Sunday, November 01, 2009

Local leaders say Boeing plant will spur economic development across the state

By Patricia Burkett | WBTW Anchor/ Reporter

Boeing’s decision to land a new aircraft assembly plant in South Carolina should mean thousands of jobs beyond the plant’s walls.

On Friday, Gov. Mark Sanford signed an incentive package that includes $170 million in low-interest loans used to lure Boeing to the Palmetto State.

State Senate President Pro Tempore Glenn McConnell said he expects two to three spinoff jobs for each of the 3,800 Boeing hopes to create in seven years.

Construction begins in November and it will take about 2,000 workers to build the new plant in North Charleston, near Charleston International Airport.

State Sen. Hugh Leatherman of Florence said he had been in talks with Boeing officials for the past six to seven weeks. He said he even continued speaking with Boeing officials during his recent overseas economic development trip to Asia.

Leatherman said he and McConnell spoke with a Boeing executive about what South Carolina had to offer, and assured the company official the Palmetto State would be the appropriate spot for its new facility.

“The two of us met, talked about what Boeing had to offer, what South Carolina could offer and sort of put together a tentative package,” Leatherman said.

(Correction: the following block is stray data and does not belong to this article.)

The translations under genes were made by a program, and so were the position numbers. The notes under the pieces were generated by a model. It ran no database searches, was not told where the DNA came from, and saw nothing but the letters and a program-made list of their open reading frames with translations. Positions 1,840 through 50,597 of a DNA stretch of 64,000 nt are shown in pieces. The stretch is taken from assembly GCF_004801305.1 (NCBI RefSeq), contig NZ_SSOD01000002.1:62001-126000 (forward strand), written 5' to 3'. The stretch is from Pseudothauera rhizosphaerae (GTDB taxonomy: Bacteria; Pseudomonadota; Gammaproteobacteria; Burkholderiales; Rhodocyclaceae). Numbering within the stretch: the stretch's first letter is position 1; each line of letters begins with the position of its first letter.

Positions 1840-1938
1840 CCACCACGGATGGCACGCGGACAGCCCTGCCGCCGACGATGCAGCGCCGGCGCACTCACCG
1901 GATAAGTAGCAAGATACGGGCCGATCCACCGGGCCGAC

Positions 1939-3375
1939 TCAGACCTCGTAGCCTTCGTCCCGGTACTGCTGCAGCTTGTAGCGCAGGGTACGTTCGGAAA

Leatherman said he then found out that Boeing officials decided to take South Carolina up on its offer and locate the plant in North Charleston.

The announcement will permanently alter the course of economic development in the state, Leatherman said.

“We can’t imagine, we just can’t imagine ... it will change the economic landscape in this state forever. I don’t think any of us at this point in time can really imagine or evaluate the economic impact this will have on our state,” he said.

In terms of economic impact, the plant will not only provide thousands of jobs in the Charleston area, but some economic development leaders say it could help them entice future companies.

“Having such a large win that you can tout, I think it raises the eyebrows of other companies,” North Eastern Strategic Alliance Executive Director Jeff McKay said.

McKay said those prospective companies will be saying, “If Boeing did this, what is there that made them make that decision and should we be looking there as well?”

Though McKay said he doesn’t know yet how the plant will directly impact the Pee Dee and the Grand Strand, he does know it will only have positive effects on economic development across the state.

“I think it’s a tremendous win for the state and it’s definitely something that we as an economic development community will tout as the reason why companies should consider the state of South Carolina for their business expansion or opportunity,” he said.

Leatherman said the plant will create more jobs across the state in offshoot companies, just as other major plants have done in the past.

“We know up in Greer where BMW located, they have about 5,000 jobs but it created about 20,000 spin-off jobs for suppliers, vendors and things of that nature,” Leatherman said.

Economic leaders and lawmakers say they worked hard to recruit Boeing, and now Boeing will turn to South Carolina’s workforce to help make the company a success.

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